Strikeouts: Mark Appel, RHP, Pirates (8th overall pick)
Of the big three college pitchers, Appel has the most complete arsenal. His best pitch is a low-to-mid-90s fastball than can touch 98, but his hybrid breaking ball generates plenty of swings and misses, and his changeup is at least average. His low strikeout rate was a concern entering the spring, but with 127 strikeouts in 119 innings this spring, he's just beginning to harness his stuff. Risk Level: Low.

Saves: Marcus Stroman, RHP, Blue Jays (22nd overall pick)
While Stroman had an outstanding season as a starter at Duke, he's only five-foot-nine and just doesn't have the frame to handle a consistent 200+ inning workload in the big leagues. Scouts remember his stint as a closer for Team USA last summer when he was untouchable, and that's going to be his future role as a professional thanks to mid-90s heat and a devastating slider. He could be in the big leagues by September, and picking up save opportunities not long after that. Risk Level: Low.

WHIP: Andrew Heaney, LHP, Marlins (9th overall pick)
While Heaney doesn't have the ceiling of the college arms picked ahead of him, he has the higher floor. The most polished of the college pitchers in this year's draft, Heaney has three average-to-plus pitches in his fastball, breaking ball and changeup, and he's an extreme strike thrower who walked just 22 in 118 1/3 innings this spring. He should be the quickest of the college starters to reach the big leagues, and he has the stuff and pitchability to keep hitters off the base paths. Risk Level: Low.

A version of this story originally appeared on ESPN Insider Insider.

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Am I correct in making the assumption that if the Sox sign him that Hawkins is the number one prospect in their system?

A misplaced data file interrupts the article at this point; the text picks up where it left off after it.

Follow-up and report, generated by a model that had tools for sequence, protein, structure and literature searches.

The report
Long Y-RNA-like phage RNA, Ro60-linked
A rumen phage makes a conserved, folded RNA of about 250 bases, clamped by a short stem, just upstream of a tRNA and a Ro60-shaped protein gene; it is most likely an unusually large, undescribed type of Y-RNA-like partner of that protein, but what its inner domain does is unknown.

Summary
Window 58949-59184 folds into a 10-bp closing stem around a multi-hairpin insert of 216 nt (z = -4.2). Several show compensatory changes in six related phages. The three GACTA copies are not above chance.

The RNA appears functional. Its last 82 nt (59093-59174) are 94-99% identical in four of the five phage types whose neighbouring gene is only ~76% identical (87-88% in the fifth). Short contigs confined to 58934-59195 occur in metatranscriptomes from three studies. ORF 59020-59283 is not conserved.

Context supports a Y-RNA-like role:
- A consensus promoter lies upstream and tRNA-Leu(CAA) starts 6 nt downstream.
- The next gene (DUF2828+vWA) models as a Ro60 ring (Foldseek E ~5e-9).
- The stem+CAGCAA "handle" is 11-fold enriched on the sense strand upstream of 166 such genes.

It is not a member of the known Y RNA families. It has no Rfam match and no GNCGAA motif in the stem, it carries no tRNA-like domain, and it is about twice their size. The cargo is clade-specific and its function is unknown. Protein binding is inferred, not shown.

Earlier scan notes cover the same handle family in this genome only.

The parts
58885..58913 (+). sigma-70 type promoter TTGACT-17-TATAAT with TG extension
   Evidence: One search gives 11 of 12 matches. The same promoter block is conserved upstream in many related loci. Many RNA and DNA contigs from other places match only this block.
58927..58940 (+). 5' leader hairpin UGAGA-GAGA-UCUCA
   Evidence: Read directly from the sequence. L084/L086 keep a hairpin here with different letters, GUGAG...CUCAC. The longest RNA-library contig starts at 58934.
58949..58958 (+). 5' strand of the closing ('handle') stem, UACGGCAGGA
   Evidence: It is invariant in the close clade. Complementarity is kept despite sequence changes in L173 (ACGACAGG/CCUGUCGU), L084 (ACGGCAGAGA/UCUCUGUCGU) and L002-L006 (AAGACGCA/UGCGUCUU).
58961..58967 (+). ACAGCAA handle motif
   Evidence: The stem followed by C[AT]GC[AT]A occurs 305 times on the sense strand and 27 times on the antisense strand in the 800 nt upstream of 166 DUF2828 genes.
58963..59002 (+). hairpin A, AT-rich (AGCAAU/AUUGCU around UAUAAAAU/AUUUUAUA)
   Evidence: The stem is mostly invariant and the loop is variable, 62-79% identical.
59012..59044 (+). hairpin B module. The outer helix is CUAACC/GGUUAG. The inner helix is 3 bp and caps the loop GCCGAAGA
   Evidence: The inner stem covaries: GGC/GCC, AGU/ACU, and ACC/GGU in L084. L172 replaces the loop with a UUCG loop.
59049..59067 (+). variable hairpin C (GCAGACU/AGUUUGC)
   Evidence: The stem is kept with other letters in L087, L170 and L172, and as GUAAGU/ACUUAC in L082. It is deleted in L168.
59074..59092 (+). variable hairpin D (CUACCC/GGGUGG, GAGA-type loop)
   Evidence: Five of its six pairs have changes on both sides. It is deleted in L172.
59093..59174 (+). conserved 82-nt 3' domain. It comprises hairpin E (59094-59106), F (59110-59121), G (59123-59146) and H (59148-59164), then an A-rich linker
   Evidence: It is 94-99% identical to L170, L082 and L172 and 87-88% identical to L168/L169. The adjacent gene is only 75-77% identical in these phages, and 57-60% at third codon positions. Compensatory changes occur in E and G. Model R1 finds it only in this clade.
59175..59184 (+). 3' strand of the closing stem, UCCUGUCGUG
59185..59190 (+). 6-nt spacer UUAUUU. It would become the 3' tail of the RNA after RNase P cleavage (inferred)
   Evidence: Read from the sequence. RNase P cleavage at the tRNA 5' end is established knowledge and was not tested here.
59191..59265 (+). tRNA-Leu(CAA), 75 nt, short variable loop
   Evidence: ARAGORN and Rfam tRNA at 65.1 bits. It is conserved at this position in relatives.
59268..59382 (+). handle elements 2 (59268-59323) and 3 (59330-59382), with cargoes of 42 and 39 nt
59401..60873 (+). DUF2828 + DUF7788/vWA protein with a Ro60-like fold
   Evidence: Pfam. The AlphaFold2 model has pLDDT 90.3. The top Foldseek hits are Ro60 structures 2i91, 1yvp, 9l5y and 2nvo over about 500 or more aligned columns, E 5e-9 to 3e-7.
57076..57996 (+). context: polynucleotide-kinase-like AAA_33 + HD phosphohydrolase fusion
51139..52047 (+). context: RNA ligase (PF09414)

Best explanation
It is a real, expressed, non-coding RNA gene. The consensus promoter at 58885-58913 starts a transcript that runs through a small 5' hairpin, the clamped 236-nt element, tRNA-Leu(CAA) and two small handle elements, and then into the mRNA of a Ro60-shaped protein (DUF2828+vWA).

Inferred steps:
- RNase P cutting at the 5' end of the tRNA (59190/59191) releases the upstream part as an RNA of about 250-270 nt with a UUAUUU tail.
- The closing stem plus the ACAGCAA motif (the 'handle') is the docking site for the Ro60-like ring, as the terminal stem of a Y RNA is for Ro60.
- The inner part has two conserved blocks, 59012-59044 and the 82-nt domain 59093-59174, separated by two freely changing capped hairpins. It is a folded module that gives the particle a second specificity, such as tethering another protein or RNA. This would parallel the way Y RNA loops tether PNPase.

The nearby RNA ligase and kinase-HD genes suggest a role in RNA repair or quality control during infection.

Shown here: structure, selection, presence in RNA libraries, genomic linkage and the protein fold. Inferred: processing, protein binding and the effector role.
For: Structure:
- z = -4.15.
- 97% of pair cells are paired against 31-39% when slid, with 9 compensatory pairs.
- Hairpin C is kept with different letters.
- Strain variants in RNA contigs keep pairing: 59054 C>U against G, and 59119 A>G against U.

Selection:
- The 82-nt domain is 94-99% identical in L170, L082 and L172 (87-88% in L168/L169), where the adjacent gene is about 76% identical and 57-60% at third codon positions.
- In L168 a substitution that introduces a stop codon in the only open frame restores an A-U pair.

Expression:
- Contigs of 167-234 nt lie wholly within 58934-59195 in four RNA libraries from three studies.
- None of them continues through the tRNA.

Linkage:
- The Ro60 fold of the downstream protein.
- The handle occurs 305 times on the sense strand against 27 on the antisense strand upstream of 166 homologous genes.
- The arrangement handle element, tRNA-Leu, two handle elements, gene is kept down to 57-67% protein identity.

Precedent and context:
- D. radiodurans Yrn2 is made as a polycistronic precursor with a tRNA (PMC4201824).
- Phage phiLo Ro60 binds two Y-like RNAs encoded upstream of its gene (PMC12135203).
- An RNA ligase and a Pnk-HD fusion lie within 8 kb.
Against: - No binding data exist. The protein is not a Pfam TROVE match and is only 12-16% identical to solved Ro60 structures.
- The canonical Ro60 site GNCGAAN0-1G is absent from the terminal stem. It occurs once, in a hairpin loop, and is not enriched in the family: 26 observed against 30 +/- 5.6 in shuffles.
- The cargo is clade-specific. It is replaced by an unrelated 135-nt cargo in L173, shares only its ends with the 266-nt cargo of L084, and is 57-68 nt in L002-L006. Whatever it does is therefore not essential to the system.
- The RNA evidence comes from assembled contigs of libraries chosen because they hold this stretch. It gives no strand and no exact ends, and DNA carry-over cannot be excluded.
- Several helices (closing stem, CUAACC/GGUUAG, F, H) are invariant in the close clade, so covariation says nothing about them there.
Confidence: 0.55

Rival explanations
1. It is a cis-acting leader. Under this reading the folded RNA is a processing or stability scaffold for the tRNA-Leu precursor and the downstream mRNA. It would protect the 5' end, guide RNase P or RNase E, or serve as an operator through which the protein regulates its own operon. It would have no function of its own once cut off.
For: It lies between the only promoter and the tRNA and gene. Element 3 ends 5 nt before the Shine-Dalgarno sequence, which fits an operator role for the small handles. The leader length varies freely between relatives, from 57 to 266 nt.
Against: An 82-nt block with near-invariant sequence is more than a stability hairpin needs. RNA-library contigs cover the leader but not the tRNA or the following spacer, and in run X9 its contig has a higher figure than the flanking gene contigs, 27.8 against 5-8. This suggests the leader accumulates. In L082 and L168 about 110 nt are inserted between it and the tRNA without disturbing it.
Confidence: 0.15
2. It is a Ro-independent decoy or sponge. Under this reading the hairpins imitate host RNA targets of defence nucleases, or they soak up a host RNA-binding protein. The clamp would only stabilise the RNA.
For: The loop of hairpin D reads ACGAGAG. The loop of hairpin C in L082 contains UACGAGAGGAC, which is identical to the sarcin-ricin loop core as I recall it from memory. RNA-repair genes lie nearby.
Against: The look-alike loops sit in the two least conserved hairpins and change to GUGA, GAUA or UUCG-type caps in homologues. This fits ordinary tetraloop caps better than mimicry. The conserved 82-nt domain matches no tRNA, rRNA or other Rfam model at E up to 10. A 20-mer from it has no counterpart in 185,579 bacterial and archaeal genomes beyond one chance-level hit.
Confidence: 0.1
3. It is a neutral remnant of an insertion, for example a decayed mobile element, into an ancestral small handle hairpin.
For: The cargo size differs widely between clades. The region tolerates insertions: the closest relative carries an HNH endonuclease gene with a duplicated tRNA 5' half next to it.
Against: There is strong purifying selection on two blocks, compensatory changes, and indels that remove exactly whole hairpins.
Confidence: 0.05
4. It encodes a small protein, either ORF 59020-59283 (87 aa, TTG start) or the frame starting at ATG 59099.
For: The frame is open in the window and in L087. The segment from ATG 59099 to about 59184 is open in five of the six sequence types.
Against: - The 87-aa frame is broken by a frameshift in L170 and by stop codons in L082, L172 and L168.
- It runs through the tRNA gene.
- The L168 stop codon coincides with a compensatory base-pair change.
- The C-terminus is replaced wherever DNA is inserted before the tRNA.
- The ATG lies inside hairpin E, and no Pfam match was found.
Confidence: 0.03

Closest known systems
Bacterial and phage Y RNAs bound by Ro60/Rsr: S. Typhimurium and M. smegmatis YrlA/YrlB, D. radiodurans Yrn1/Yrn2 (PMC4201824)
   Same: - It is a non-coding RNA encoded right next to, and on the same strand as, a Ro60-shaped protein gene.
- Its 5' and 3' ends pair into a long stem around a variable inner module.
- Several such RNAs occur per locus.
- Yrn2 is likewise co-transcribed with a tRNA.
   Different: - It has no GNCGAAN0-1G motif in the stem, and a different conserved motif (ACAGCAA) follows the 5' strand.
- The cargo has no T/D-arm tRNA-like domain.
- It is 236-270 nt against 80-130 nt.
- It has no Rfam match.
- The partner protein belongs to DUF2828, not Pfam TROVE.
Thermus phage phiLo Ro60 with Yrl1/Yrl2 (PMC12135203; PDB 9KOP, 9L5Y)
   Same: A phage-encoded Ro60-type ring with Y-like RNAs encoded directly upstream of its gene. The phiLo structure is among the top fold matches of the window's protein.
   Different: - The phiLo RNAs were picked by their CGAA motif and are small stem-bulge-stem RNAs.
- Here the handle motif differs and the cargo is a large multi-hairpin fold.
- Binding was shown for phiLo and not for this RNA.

I have it on good authority that the second he signs, he's the No. 1 prospect in the White Sox system by a wide margin.
What are you talking about? The White Sox have a great system due to the fact that they consistently go overslot in the draft. Wait.
I've heard "line drive swing" on DJ Davis a lot, but what exactly does that mean in terms of power potential? Obviously his legs will create an abundance of doubles and triples if he simply make outfielders move sideways, but can he be a 10-15 HR guy, or is he more of a single-digits HR guy?
Fun article. As a Twins fan, choosing between 15-50 and 30-30 for Buxton, my answer is yes please.
The fist option is way more valuable.
"It makes bad pitchers look good, and who knows what it does to good pitchers?" Jake Peavy knows. Pretty damn well.
Did Gausman switch handedness after the draft? And if so, did the Orioles know he had this in him? If so, THAT is some seriously good scouting work.

I loved the pick as a a LHP it's even better.

Or it could be a typo ;-)
i have to admit i'm still a little bit skeptical of this pervasive idea that short dudes (stroman) "don't have the frame to handle a 200 inning workload", or whatever. maybe it's true, but i'm not sure why it'd have to be.

a lot of times the argument is "how many 5'9" starting pitchers do you see in the big leagues". but how many 5'9" dudes have come out of college throwing the ball like stroman and then failed? can't think of many of those either. a lot of people said the same stuff about lincecum.

if you're short that makes it physically more difficult to throw the ball super fast in the first place. but once you've demonstrated that you're an exception, why should being short make you super tired? higher effort? maybe. and i get the fastball-plane issue. still, sometimes i'm like, why.